Category Archives: Animal Sanctuaries

Seattle benefit for Help Animals India

Help Animals India is having its first-ever Seattle benefit for India’s animals.

Date: October 17, 2015
Time: 5 pm
Cost: $15 (tickets available here)
Location: Culture Shakti Dance, Seattle

help animals india

Despite some of the best animal protection laws in the world and a renowned heritage of reverence for life, modern India is a country where millions of animals suffer severe neglect or abuse.

Overpopulation, poverty, pollution, superstition, apathy and ignorance all contribute to their plight. In a country where human misery and impoverishment remain high, the welfare of destitute animals is a low priority.

Help Animals India is a Seattle-based non-profit dedicated to improving the welfare of animals in India by raising money for dedicated Indian animal protection groups and advising them on how to improve their capacity to help the animals.

Join them for a fun evening of Indian Dance Performance by the Dancers of Culture Shakti, Indian and World Vibes Music by Dj Seanuman, Mystic Kombucha on Tap, and a Catered Silent Auction with Items from local businesses.

Delicious Food Provided by Chaco Canyon, The Shop Agora, & Cupcake Royale.

Get your tickets today!

ALL proceeds go the benefit Help Animals India

Can’t make the event? Please consider donating - any amount helps!

You can find out more about Help Animals India on their website  or on their Facebook page.

Cecil the Lion

Cecil the Lion, as he was known, was a lion who lived in Zimbabwe. You’ve probably seen the media storm and public outrage this week about his murder. A wealthy American paid to hunt down Cecil—at night, by luring him out of a preserve—and shoot him with a crossbow.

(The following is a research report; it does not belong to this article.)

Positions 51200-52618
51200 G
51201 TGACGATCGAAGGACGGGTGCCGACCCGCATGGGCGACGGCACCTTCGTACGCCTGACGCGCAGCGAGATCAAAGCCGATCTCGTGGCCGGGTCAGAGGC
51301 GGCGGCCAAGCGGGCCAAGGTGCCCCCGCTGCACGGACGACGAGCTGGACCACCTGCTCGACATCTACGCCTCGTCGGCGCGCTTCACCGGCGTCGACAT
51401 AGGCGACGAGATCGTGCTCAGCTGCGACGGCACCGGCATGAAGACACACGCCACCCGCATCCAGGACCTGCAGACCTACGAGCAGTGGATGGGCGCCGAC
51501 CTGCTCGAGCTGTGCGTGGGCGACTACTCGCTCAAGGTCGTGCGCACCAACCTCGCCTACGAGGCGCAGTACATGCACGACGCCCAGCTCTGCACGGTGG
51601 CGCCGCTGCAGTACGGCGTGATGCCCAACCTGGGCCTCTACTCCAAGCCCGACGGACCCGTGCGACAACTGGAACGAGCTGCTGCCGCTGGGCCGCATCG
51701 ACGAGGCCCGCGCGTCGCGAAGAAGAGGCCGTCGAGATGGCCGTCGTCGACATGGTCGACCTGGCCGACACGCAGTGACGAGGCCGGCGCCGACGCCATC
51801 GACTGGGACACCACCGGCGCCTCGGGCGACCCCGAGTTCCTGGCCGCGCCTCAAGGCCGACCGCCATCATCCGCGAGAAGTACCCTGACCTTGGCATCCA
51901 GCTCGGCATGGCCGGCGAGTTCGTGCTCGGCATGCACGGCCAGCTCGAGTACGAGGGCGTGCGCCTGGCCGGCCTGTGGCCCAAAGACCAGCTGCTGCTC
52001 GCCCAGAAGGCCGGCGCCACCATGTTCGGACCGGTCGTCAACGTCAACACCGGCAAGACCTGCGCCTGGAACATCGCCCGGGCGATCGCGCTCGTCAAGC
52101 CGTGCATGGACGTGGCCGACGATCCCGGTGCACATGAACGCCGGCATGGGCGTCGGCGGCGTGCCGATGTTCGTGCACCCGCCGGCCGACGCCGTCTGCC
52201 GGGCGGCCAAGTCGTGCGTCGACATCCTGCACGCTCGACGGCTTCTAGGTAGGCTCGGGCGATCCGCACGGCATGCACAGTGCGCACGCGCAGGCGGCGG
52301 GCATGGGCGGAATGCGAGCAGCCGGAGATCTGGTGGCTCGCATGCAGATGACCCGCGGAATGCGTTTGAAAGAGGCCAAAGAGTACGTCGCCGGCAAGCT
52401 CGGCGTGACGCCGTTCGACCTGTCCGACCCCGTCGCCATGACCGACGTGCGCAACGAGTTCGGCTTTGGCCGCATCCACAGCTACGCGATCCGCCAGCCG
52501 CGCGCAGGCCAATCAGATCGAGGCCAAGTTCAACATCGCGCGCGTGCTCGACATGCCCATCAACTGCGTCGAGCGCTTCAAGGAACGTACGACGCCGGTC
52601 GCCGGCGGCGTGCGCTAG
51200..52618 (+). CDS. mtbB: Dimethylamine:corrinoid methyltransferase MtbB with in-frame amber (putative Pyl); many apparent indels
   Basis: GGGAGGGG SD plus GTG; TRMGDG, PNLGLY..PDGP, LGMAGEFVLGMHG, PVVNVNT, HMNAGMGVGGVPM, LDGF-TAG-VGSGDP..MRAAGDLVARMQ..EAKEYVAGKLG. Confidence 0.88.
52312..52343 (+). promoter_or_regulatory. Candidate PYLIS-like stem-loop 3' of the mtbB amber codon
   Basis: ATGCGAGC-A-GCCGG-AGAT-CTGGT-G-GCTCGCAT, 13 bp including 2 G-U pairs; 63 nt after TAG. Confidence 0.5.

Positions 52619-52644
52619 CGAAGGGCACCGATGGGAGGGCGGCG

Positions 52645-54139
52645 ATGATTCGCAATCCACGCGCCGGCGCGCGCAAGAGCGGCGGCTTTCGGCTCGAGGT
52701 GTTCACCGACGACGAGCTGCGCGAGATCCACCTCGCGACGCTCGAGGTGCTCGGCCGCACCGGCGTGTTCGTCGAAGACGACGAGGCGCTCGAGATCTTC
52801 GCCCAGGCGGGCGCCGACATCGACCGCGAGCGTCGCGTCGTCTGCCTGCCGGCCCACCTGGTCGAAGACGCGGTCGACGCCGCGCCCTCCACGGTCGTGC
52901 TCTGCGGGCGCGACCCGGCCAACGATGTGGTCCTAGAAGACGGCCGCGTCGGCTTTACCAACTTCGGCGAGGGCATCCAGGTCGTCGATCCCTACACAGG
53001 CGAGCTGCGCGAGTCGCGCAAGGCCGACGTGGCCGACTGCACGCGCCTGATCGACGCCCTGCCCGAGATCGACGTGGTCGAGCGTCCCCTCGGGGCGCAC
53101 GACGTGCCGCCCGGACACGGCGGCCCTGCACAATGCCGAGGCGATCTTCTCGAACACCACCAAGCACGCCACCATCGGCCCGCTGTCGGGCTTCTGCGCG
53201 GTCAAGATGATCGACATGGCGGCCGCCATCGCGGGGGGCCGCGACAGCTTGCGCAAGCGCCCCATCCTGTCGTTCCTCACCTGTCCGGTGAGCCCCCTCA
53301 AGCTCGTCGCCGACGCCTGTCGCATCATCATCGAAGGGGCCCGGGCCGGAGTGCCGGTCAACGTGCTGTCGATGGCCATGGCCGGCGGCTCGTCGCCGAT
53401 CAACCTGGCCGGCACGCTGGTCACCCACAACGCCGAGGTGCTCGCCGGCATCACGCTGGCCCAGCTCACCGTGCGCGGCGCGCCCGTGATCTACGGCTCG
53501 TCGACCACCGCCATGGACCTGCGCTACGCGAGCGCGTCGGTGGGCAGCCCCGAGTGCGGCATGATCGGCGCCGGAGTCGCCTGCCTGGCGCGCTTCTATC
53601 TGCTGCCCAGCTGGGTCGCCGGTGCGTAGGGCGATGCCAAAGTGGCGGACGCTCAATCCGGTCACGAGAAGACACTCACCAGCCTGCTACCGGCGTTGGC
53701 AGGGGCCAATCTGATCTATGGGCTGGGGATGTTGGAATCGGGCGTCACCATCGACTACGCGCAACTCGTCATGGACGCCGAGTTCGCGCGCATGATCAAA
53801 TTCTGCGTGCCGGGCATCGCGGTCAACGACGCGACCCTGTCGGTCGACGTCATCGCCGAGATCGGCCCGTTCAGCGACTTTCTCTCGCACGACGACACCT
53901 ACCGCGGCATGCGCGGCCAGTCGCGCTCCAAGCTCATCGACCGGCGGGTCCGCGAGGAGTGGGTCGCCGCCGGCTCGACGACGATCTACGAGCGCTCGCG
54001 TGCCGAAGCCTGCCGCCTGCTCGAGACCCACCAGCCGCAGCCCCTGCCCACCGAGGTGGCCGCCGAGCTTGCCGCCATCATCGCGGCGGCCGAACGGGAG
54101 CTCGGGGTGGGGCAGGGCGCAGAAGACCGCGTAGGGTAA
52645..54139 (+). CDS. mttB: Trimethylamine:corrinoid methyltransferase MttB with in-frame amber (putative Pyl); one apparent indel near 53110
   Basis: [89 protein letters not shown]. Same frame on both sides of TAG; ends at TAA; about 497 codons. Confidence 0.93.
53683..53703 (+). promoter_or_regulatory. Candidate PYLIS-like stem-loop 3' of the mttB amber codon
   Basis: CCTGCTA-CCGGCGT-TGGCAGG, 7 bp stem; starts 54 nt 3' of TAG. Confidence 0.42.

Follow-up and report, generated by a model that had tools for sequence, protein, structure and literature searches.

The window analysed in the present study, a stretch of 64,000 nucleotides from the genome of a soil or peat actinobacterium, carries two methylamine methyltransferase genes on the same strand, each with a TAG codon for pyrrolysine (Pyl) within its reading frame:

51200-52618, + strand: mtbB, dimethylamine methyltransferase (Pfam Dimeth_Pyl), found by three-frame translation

a lion similar to Cecil

It was nothing but a cowardly act by a small-minded trophy hunter, hell-bent on proving his sense of worth by killing others.

What I learned from the frenzy this week is that it pays to have a name. Cecil was a lion who’d been photographed by tourists for years (he was 12 or 13). He was GPS-collared and was part of an Oxford University study. But he was no different from many other lions that wealthy westerners (usually Americans) pay to kill. Six hundred lions are killed in trophy hunts every year, according to National Geographic.

Cecil sparked public outcry because he was well-known. In the same way we mourn for a celebrity’s death, but not the random people who also die.

For most people, the lion is a majestic creature. King of the jungle. We don’t associate them with food or clothing. That’s another thing Cecil had going for him. People around the world have issued hate mail and death threats to Cecil’s killer, and vigils and protests have sprung up at the man’s business.